It's true that the number of games in which you either control characters of different genders or get to choose the gender of your hero character significantly outstrip those with established male or female protagonists. And of course, as a general trend, the freedom to choose or create your own character is a welcome one. However, it's fundamentally different from being asked by a game to take on the role and experiences of a specific character. A male player who is more comfortable with experiences that center men can and will simply play as men in games that offer him the choice. On the other hand, every player who comes to a game such as Wolfenstein: Youngblood must step into the shoes of a female character in order to play. It's also essential to note that the raw numbers say nothing whatsoever about the quality of these representations. The mere fact that Youngblood's protagonists are women is no guarantee whatsoever that those representations will be good ones. Games can and often do center women while also reinforcing harmful stereotypes or turning those women into sexual fantasies for the benefit of straight male players. Still, we can hope.
More and better representations of women remain an essential part of the change we hope to see in the videogame industry, but we can't focus entirely on the games themselves. It's also crucial to look at the actual human beings who represent the industry, who get to come out on stage at E3 and be a face and a voice for what the future of gaming holds. This year, across the events we surveyed, women made up a mere 21 percent of speakers and presenters. That's not great, but it's also worth noting that the ratio was especially bad at some events. Of the 15 speakers at Square Enix's event, only two were women, and only two of the 17 speakers at Bethesda's press conference were women.
Finally, a note on combat and violence in games. During Ubisoft's presentation, a trailer for their upcoming game, Tom Clancy's Ghost Recon Breakpoint, featured actor Jon Bernthal utter the line, "The only test of a man's worth is battle," unwittingly distilling what seems to be a widespread perception among both players and game designers. This year, of the 126 games we surveyed, 107 featured combat of some form as a gameplay mechanic, while only 19 games, or about 15 percent, did not. Of course, not all combat is the same: the endearing sword-swinging of Link in Nintendo's adorable upcoming remake of The Legend of Zelda: Link's Awakening is a far cry from the grisly demon-slaying of Doom: Eternal. However, we believe that there remains a vast range of unexplored potential for games as a medium, and continue to advocate for a greater percentage of games that explore the possibilities of nonviolent gameplay mechanics.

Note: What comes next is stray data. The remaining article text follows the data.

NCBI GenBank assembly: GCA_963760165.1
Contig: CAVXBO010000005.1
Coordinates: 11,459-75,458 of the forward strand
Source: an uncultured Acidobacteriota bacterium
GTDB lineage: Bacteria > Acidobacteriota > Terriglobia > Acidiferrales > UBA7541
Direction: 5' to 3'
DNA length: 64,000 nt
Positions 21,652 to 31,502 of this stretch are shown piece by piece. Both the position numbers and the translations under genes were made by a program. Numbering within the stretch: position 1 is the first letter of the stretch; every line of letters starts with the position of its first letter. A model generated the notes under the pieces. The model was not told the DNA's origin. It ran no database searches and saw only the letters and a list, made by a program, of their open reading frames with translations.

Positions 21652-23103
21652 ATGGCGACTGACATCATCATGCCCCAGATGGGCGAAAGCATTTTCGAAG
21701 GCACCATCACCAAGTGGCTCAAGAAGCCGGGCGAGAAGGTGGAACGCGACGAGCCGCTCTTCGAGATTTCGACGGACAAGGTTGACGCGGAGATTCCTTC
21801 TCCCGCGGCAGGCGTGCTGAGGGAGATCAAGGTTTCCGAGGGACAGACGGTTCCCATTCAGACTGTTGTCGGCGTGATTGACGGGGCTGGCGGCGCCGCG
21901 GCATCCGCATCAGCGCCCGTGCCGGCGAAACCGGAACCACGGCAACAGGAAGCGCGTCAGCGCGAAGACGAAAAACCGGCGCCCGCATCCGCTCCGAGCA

It would be easy to get disheartened by the lack of significant statistical change we've seen over five years of collecting this data, but we choose simply to take it as an indication that there is still work to be done. Our belief in the vast potential of games as a medium remains as strong as ever, as does our appreciation for all the women and other marginalized people who love games and continue to fight for a better, more diverse and inclusive industry.